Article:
In addition to the previous mentioned tasks, I was also instructed to apply existing CSS class to page elements. From our textbook, “Adobe Dreamweaver CS6,” I learned to do this by clicking on the element needed and then modifying the style in the Class Menu from the Property inspector.
When making a website it is also important to keep different media types in mind. Style sheets need to be created for all types of media in order to make the site visible to users from any device. The size of smart phones, tablets, desktops, etc all differ greatly. Also, it is important to create pages that will print while using little ink.
It is possible to pull text over to Dreamweaver from Word. There are a few ways to do this. One way is to go to edit, then preferences, then to copy/past and then choose the preferred options, and it will allow you to place the text in the desired region of your project. You can also do this by importing a Word document, which is integrated with Adobe Suite to your project (This does not work with Mac, only PC). You would simply go to file, import, and Word document, or you could drag and drop the file to the workplace.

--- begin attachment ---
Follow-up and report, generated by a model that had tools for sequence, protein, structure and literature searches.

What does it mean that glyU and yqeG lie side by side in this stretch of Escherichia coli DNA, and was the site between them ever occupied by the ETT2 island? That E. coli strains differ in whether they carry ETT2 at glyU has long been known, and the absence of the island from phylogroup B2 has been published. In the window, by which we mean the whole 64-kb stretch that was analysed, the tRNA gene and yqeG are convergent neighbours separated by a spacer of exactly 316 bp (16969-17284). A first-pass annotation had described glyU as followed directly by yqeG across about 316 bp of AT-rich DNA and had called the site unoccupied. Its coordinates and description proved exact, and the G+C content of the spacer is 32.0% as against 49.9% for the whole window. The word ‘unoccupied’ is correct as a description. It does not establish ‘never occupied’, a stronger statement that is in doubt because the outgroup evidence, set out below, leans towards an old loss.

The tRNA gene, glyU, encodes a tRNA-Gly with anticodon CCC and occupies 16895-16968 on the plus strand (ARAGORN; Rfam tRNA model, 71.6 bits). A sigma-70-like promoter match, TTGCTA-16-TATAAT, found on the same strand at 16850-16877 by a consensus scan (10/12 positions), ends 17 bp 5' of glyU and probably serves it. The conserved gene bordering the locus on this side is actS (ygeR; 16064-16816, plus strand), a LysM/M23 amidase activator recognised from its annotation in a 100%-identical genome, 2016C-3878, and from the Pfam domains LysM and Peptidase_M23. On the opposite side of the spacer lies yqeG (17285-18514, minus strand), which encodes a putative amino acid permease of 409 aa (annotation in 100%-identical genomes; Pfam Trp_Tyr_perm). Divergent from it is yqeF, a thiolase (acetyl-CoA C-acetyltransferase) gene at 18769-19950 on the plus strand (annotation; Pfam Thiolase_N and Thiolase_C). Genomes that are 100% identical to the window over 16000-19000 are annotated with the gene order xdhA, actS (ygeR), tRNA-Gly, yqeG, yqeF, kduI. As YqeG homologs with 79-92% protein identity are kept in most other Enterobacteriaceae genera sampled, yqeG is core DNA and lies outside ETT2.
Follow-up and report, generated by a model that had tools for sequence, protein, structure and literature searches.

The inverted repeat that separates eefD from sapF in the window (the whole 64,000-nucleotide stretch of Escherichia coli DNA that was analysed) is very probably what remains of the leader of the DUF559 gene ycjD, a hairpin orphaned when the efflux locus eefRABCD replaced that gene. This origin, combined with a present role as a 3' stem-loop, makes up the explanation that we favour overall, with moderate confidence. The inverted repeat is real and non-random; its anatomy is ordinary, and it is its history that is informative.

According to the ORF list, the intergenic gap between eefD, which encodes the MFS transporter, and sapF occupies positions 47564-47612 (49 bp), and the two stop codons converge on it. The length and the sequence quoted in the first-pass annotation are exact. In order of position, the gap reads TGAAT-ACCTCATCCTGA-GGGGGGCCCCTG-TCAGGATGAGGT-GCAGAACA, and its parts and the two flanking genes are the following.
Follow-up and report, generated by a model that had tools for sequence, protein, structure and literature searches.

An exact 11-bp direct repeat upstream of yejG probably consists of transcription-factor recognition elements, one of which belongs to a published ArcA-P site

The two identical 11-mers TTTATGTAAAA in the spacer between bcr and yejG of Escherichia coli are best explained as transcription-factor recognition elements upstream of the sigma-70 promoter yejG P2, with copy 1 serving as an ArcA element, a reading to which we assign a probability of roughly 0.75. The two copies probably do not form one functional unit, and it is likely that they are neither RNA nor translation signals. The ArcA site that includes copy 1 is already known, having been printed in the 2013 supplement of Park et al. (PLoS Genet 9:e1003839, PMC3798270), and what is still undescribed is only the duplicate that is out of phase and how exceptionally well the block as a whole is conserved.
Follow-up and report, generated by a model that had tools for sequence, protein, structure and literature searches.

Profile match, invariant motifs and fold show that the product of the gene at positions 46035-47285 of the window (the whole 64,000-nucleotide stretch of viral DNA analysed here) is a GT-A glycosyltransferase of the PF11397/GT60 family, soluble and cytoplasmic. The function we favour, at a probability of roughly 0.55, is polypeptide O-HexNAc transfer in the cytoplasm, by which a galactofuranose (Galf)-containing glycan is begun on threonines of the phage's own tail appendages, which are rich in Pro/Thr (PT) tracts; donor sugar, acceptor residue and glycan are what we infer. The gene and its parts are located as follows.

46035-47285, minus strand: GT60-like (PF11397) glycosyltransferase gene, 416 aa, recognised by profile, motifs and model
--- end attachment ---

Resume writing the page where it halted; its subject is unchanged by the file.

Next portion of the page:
To add structure to your text it is easiest to work in split view so you can see the coding and the preview at the same time. By clicking inside the desired text you wish to change, it will allow your focus the shift to that area. Use the properties inspector to edit the format, color, text, size, etc.